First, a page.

Wilbur Krump has just about every card stacked against him; with an empty bank account, a dead end job, a few extra pounds, and a cop who has it out for him. If that s not enough he still lives with his mother! So who in their right mind would want to marry him? Follow this improbable story of how a guy so down on his luck finds his way to the chapel.
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The DVD includes an interview with writer/executive producer Paul Laubach. He admits that he'd never written a screenplay before. But his 14-year-old daughter wants to be an actress. So Laubach wrote a script for his daughter to appear in (this film), and then financed it!
Laubach claims to be a real estate professional, who's made enough money in real estate investing to risk money on CRUSH(ED). He'd already known filmmaker James Cahill for several years, and Cahill told Laubach that if he could pay for the film (which Laubach did), he, Cahill, would direct it.
The result is CRUSH(ED), made to make a little girl's dreams come true!
Well, that's a common enough way to raise film financing in Hollywood. I've actually known some men who've financed films for their daughters or mistresses to appear in. This situation is common enough to be the basis for another film -- Mistress.
Such showcase films often don't turn out too well. As for CRUSH(ED), it's no masterpiece -- but it's surprisingly good for what it is.
CRUSH(ED) is about a fat man who has dating problems. He's looking for love, with little luck.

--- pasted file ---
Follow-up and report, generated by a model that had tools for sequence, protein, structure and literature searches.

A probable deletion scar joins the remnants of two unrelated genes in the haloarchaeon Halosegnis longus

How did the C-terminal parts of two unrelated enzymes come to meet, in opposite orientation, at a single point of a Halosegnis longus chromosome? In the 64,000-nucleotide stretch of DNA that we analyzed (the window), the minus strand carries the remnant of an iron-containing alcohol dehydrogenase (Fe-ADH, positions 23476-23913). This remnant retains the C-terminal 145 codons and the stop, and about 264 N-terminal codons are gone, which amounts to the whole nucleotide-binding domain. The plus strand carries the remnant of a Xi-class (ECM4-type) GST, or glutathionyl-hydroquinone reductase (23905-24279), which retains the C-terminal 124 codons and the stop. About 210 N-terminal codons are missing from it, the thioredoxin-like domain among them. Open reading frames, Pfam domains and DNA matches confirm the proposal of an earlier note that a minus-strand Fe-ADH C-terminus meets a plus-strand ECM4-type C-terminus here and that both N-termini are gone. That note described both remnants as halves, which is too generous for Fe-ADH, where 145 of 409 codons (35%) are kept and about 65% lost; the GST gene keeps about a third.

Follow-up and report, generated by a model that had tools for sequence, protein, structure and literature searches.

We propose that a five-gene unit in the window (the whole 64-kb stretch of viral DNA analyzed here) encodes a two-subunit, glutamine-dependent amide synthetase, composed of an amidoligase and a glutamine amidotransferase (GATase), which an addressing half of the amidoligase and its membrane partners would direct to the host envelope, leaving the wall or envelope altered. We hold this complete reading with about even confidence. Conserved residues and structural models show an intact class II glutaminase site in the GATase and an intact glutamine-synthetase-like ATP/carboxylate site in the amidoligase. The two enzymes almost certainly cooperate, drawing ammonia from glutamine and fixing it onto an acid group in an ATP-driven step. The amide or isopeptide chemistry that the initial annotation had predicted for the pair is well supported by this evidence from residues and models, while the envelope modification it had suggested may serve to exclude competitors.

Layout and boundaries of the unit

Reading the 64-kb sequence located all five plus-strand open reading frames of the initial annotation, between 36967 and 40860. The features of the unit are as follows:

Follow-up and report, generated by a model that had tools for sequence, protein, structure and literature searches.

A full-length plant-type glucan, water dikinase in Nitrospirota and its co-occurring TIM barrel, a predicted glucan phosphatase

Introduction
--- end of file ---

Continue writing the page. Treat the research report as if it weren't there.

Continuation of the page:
Comedically, CRUSH(ED) straddles the fence. It's part "dumb comedy," the sort that's full of fat jokes, and food spills, and pratfalls, and sexual innuendos, and dead pets. Yet it also aims for some witty banter. Some of lead actor Scott Ditman's opening lines seem intended for Woody Allen. Indeed, Ditman's hapless, unlucky-in-love character is reminiscent of both Allen's Play It Again, Sam and Steve Martin's The Lonely Guy.
Naturally, Allen's and Martin's films are far superior efforts in every department -- 5 stars each.
But I was entertained by CRUSH(ED). It's not a bad first writing effort. The satirical targets are very old -- past filmmakers (e.g., Allen and Martin, and many others) have covered this terrain before, and made many of the same observations about love, and loneliness, and the battle of the sexes.
CRUSH(ED) is better than Cahill's two previous efforts -- Snitch'd and Juarez Mexico. Partially it's because Cahill is better cast in this film (he appears in all three films) as a comedic stoner, rather than as the serious, kick-ass, action hero he MIScasts himself in, in his two earlier films.
CRUSH(ED) is a decent time-killer. It's not a first-rate, smart, witty comedy (such as those by Allen, Martin, or Christopher Guest). But it's actually no worse than MANY Hollywood "dumb comedies" put out by Big Studios.
Now I'm searching for more Scott Dittman movies.